Going through Outfest 05 materials and noticed that your name appeared in other shorts, too - Beyond Lovely and Dani & Alice. What attracts you to projects like these? It can't be the money.

Oh no, its not the money. In the cases of both Beyond Lovely and Dani & Alice, the directors are my friends. Hilary Goldberg, writer/director of Beyond Lovely, was a MVP on my team for my short Hummer, so in addition to liking her script and wanting to play a part like that (Lovely is a very earnest, sweet psychic), I wanted to give back to Hil for all of her hard work on my project.

It seems like there are a lot of lesbian filmmakers in LA who help each other out and operate almost as a collective. I am very into that kind of thing and always want to do what I can to keep it going. Roberta Munroe, writer/director of Dani and Alice, is a good friend and also has a small part in my film Hummer (though uncredited for various reasons). And I got to work opposite the lovely and talented Yolonda Ross, who I then cast in Hung.

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Do you go after "straight" acting roles or do you prefer acting in gay-themed projects?

I go after anything that I think is well written and has something to say. I'd love to play more straight roles... mostly just because I havent very often.

You've been in the biz for more than 10 years - acting, writing, directing. What challenges you the most?

The politics of it all. Like lesbians in any context, really, there is a lot of drama and intrigue and everyone isnt always as good to each other as they could be. That's a drag. I feel challenged and drained by the competitive factor... that people don't get that there's enough room for everyone to be successful, and that saying something derogatory about someone or their work doesn't make you look any smarter or get you any further. The challenge is to get past all that, and to catch myself if I feel like I am getting sucked into that mindset myself.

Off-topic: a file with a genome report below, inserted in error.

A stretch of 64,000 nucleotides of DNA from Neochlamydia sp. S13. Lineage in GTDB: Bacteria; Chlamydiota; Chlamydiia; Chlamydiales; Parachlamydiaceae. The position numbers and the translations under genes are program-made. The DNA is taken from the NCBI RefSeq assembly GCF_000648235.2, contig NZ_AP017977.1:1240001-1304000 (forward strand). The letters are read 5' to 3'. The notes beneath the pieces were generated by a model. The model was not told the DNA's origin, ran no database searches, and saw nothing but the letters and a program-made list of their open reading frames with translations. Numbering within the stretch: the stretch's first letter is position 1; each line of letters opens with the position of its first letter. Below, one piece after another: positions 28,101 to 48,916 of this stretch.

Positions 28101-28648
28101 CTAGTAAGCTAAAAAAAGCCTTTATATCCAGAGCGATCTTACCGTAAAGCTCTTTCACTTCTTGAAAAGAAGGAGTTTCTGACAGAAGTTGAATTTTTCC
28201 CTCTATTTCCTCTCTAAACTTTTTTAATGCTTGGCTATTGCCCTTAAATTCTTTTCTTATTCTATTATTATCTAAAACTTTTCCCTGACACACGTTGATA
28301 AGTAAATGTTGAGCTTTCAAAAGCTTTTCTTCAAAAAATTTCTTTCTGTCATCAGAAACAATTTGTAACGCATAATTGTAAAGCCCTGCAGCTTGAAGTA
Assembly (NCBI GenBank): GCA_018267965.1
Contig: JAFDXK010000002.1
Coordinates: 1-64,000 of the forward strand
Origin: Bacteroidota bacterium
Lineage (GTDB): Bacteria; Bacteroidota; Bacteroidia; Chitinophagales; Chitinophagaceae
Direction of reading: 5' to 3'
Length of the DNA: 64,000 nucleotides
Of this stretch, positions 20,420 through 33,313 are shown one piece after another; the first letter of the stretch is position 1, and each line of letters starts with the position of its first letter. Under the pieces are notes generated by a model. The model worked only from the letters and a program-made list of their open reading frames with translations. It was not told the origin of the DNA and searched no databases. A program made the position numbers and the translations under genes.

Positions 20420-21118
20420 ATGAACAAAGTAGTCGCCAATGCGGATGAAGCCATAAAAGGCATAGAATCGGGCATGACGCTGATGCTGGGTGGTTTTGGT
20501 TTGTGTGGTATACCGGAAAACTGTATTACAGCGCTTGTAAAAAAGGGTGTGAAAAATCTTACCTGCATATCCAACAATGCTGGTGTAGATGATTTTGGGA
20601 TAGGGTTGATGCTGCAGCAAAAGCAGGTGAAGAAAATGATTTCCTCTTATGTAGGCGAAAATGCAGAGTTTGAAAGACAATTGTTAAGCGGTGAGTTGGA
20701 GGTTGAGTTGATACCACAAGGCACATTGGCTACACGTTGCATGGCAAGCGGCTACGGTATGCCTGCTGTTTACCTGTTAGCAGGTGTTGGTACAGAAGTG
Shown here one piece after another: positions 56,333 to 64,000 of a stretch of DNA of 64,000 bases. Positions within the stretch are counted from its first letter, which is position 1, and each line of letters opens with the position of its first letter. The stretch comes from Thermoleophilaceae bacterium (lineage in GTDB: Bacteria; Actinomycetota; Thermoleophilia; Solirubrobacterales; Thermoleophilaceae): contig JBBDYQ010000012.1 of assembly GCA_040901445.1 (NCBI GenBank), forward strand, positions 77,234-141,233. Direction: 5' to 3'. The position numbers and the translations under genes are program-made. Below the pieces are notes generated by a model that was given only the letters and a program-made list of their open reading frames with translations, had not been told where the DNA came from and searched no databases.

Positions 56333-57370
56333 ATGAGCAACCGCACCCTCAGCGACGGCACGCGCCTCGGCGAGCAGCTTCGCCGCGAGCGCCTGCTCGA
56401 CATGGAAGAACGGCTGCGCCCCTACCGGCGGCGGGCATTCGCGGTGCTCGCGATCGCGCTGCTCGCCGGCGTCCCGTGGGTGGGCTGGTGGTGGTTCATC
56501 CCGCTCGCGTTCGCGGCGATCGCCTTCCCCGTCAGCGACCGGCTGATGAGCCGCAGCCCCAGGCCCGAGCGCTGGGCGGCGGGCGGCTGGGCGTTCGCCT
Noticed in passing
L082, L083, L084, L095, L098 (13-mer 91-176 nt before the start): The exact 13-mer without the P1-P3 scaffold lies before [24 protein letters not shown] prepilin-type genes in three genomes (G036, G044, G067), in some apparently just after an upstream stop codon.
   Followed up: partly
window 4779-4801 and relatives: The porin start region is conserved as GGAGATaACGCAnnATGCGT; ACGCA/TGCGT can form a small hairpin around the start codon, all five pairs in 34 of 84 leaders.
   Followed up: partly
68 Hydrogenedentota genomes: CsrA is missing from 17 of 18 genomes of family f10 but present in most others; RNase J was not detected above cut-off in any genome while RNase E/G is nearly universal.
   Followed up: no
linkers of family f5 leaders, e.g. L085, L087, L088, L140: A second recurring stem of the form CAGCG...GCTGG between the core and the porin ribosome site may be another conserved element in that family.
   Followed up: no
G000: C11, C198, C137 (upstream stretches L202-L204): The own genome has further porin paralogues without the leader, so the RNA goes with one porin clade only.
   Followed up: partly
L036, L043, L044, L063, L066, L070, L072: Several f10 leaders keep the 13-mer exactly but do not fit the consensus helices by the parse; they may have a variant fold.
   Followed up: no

And finally, some details for LAist. Do you live in LA? If so, which neighborhood? What's your favorite part of the city?

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I currently live nowhere - I gave up my apartment and car and the whole thing... but I was living in Silver Lake and before that West Hollywood for 5 years. My favorite places in the city are El Matador beach in Malibu, Real Food Daily on La Cienega, Downbeat Cafe in Echo Park and all the beautiful backyards people have.

I am feeling a little romantic/nostaglic for LA now that I've been away for a month. I don't miss the 101!

Hung and Dani & Alice screen tonight at 9:45 PM at the Directors Guild of America Theater at 7920 Sunset Blvd. as part of the "Girls Shorts" program. On Sunday, they will be screened at the Village at Ed Gould Plaza at 1125 N. McCadden Place. Tickets are $12.

Hung photo courtesy of Outfest 05. Turner is second from the left.